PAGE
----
Sunday, January 3, 2010

Completed Projects

Well, if you can believe it, I finally managed to get that darn skirt around the chimney frame, and I think it may have made a difference. I still need to go up and fill the wire holes with foam, but the big source of heat loss may very well have been addressed. First, a little background.

As I may have mentioned, we were experiencing significant heat loss in our attic, mainly through the frame around the chimney. I could feel the heat rising up, and there were huge problems with ice formation on the roof, a big no-no. I thought that I could simply layer more fiberglass insulation over it, but the gap between the chimney and frame was big enough to let a fairly substantial flow of air through. I tried stuffing the gaps with insulation, something several people at assorted home improvement stores suggested, but I was told that was in violation of fire codes. Then again, who's going to know? It's not as if fire inspectors are checking out our attic.

Either way, after speaking with the resident expert on energy efficiency, KK (how many towns have their own energy committee and chairman?), and he guided me in the ways of the law. From what I could gather, I was allowed to block the flow of air, but I wasn't allowed to stuff anything into the gap. It had to be a cover.

KK suggested a metal skirt, as did KB and PD, so there was finally a consensus on what to do. Using fireproof caulk, I could fill in the gaps and make it air tight. I opted for aluminum flashing and actually pulled it off using one piece and some tin snips. It ain't pretty, but I think it's fairly well sealed. Amazing what a little, or should I say a lot, of caulk can do. That stuff is black, however, and kind of messy. I tore my gloves on the sharp edge of the flashing and ended up getting the caulk all over my fingers. Bummer.

Working in the attic is a chore, as well. Not only do I have to squat the entire time, which is murder on my back, but it's dusty as heck up there, and there are clear signs that assorted critters are living up there. The proof is the profusion of stool samples scattered throughout the insulation. They are mainly near the chimney, where it's nice and toasty. Also, I have to be careful when I stand up or else get roofing nails through my scalp. I've been there, and it ain't pretty. Finally, just to whine a little more, it's dark working near the chimney. The lights are on one side, and don't illuminate the other side, so I have to hold a flashlight while working with my other hand. Meanwhile, I'm squatting on all fours and breathing through a mask that is fogging up my glasses, all the while swimming in fireproof caulk. Geez, should I just kill myself now, or what?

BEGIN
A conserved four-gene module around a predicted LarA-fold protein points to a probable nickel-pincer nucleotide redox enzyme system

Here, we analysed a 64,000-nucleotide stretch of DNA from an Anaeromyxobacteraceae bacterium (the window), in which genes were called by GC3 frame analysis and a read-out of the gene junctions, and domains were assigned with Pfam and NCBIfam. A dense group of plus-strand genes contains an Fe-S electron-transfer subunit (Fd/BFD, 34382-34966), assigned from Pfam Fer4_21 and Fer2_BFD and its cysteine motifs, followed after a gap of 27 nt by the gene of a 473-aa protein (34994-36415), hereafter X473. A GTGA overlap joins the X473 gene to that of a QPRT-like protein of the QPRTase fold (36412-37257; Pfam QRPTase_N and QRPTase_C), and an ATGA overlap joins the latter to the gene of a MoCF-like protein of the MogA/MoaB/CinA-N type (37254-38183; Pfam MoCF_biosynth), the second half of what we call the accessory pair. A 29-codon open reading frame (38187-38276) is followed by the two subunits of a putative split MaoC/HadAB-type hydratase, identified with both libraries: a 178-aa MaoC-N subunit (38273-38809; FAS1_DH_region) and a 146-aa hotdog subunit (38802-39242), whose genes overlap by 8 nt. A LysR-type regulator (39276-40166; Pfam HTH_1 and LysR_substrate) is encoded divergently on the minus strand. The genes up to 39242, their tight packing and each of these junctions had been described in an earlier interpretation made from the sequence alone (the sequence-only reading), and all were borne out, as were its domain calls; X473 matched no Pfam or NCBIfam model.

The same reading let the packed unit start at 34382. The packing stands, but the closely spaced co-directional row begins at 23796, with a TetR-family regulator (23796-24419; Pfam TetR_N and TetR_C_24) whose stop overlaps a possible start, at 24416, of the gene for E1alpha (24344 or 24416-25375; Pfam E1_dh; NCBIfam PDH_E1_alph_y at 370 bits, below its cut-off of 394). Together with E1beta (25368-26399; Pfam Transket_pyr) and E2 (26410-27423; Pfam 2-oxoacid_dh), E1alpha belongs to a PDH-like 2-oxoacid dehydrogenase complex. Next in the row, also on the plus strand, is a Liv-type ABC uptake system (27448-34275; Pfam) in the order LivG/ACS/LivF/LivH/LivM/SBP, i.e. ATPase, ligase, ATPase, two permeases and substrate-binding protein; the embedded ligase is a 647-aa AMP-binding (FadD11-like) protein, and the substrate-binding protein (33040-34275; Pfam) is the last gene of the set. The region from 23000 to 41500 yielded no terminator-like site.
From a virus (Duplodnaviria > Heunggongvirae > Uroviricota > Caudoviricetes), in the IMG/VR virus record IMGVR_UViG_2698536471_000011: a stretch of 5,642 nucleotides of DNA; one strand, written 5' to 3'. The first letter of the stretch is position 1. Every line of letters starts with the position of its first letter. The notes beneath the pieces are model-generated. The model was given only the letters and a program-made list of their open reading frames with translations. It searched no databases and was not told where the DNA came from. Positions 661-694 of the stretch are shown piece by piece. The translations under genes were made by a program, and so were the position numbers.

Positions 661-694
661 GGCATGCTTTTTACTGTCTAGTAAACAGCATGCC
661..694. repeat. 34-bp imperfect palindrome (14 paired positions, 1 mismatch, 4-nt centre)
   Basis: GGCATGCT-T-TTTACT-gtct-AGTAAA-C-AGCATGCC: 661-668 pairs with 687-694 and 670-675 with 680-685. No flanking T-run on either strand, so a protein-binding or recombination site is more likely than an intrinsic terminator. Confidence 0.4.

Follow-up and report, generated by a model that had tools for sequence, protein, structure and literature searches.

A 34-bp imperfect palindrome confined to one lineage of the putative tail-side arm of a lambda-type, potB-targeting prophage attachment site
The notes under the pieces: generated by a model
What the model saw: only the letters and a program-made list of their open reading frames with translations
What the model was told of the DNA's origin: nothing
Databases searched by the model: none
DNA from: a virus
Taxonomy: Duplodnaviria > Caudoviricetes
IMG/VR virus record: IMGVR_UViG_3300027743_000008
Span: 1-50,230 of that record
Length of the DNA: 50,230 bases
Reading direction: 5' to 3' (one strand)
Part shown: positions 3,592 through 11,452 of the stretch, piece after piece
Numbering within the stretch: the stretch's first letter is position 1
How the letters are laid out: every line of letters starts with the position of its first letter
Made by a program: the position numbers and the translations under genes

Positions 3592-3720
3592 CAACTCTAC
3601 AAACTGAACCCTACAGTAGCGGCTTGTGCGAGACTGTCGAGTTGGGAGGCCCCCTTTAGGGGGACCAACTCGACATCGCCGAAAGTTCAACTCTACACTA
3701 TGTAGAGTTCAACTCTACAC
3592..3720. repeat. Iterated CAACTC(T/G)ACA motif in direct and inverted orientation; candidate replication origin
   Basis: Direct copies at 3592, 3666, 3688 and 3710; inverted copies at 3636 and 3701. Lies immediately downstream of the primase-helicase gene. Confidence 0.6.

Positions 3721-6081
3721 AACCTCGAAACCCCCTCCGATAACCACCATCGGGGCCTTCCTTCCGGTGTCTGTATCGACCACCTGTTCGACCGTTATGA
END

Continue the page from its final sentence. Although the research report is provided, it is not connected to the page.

Because the job was so unpleasant, I ended up doing it in two stages. First, I went up there and cut the skirt. The next time I went up and nailed/sealed it to the frame/chimney. I thought it was a pretty good plan.

Now I can't help but think there's less snow melting on the roof. The house feels warmer, too, though now I'm all paranoid that since the chimney shaft can no longer vent all that warm air, it's going to build up to a critical mass and become a fire hazard. Is there no end to the drama?

I did have this brilliant idea that I'll have to bounce off my Mentor to cut a hole in the chimney shaft and install a vent to harness all that heat energy to warm the second floor. It seems like a good idea, which means it will be close to impossible and will end up taking years. This, of course, is right up my alley.

Until the next time, thanks for reading.

1 comment:

Robert Farnham said...

Looks like you're doing good things to your home! Remember that there are some great tax credits on things like windows, doors, metal roofing and especially insulation. It's retroactive for purchases made starting Jan. 1st, 2009.

If you have any questions, please feel free to contact me. I can show you how to get the IRS tax form 5695 and the manufacturer's certificates you'll need. Let me know if there is anything else I can do to help with your project.